The following is from Bettina’s website, and describes the installation in much better and starker terms than I could ever present.

A constellation of objects suspended in mid-air creates an impression of a gathering cloud. Approaching the work more closely, what appears as a cloud dissolves into individual human hearts; a common denominator of our humanity: a symbol of love, hope, and life. On further inspection, each heart is inscribed with answers to the following questions: Name, Age, Date and Method of Death.

While reading/listening to the systemic tone of a female voice reciting the fate of these human hearts, a terrifying emotion shutters through the room.

The body of these hearts is absent. The corporal silhouette that housed these vital organs is invisible; this body, we find out, was prematurely and unnaturally taken from these hearts.


But it is not only the body that was violated. The body of their relationships with their family, their community, and their culture was also disrupted. These hearts belonged to females of varying ages and backgrounds: to a girl, a daughter, a mother, a grandmother, a sister, a wife, a cousin, a niece, a godmother, a friend, a lover. 

However, we must remember that the death of these women will not be primarily remembered by the heinous transgressions that took their life. The life of these females goes well beyond this exhibition. They were and remain richer and more colorful than this installation or anyone could ever try to capture. But what this exhibition strives to do is to cast a stark and unflinching eye at a common red thread that is shared by these human hearts; that is, collected in this room, a system of violence emerges.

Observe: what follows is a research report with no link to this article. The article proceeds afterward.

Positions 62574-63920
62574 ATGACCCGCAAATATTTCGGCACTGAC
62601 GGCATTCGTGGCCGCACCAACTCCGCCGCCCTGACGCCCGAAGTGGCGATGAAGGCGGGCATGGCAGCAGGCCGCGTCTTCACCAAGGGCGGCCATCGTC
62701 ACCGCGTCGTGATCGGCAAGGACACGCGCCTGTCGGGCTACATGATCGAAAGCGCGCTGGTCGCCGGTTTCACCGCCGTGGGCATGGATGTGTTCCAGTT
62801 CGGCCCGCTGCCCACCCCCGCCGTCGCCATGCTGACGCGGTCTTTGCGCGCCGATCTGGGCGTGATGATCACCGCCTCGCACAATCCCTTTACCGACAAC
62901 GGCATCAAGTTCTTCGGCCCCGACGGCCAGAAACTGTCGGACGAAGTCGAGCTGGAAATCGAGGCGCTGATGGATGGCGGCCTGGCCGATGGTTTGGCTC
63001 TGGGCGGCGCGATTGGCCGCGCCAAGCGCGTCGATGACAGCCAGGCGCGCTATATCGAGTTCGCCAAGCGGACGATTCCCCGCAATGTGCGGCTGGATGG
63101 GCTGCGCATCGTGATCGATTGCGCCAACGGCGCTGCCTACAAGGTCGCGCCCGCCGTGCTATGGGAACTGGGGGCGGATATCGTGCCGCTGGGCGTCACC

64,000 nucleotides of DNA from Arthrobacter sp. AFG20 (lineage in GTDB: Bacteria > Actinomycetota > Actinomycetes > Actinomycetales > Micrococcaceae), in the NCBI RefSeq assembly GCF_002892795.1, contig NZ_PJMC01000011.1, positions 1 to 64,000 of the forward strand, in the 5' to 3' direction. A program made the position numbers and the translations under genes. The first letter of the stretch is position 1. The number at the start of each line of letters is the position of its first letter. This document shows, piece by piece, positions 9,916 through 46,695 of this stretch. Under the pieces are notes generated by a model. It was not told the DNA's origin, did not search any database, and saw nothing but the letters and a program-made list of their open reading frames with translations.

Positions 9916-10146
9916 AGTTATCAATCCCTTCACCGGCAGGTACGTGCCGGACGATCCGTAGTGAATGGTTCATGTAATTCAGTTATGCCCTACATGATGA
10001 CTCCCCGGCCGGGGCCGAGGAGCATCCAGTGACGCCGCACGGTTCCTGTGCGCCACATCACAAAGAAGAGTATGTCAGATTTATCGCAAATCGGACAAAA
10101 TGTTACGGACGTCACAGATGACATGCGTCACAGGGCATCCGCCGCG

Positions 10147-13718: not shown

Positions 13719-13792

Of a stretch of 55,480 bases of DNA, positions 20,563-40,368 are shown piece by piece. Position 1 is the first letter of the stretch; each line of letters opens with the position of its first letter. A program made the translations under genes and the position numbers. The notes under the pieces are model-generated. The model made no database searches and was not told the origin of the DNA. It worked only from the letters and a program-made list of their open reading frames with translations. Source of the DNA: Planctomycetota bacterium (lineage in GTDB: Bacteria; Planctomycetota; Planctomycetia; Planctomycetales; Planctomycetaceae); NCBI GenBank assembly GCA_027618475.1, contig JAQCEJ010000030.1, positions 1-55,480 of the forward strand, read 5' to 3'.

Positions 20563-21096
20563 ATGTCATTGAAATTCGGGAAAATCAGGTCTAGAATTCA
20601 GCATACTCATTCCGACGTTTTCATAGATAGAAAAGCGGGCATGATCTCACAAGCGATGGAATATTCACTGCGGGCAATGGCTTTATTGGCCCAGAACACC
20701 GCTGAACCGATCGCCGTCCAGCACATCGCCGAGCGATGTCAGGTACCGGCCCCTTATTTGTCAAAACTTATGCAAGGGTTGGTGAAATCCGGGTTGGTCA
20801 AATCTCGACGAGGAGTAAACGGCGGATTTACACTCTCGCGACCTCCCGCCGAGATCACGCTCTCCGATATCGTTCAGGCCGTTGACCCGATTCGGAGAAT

A war is being waged on the culture of women and civil society along the border city of Juarez, Mexico. 476 hearts are testimony to this war. A war that is waged against empathy, civility, love, hope, family, community, and towards the “softer”, fragile side of life, which the war of terror and totalitarian domination views as a threat to the complete command and control of society.

It is not a war contained amongst warriors, but it is a war that devours life and replaces it with human greed and the vanity of power. The physical and psychological warfare perpetrated against women is a testament to this naked disregard for life after war. There will be no life.

copyright 2011 Bettina Landgrebe, used with permission.

The installation runs through November 19.


The name of the installation, Beaten with a Hammer, is from one of the hearts, one of the invisible silhouettes—Tomasa Chavarria Rangel, aged 54—and the method used in her murder in 2005.

I can’t really do this justice, but I can bring it to you and let you think about it. Maybe it will haunt you too.

Update: I want to personally thank Bettina Landgrebe, with whom I’ve corresponded via email, for her kind permission to allow me to use the text from her website. It’s my hope that bringing some attention to the installation will also bring attention to the horrific plight of the victims—that with more attention that there will be changes. I know what I’ve done here is just a small measure of what needs to happen. I hope also, that with this blog and with others writing about Bettina’s art in all it’s terrible beauty, that the installation will find a home at other venues across the Southwest. It just takes a spark for that to happen. If I helped in that spark, then I’m gratified to have that small part. 

You can also hear Bettina with host Tom Michael of Marfa Public Radio 93.5 talk about the installation at this link. It’s an enormously interesting interview. 

all photos copyright © 2011 by barry b. doyle · all rights reserved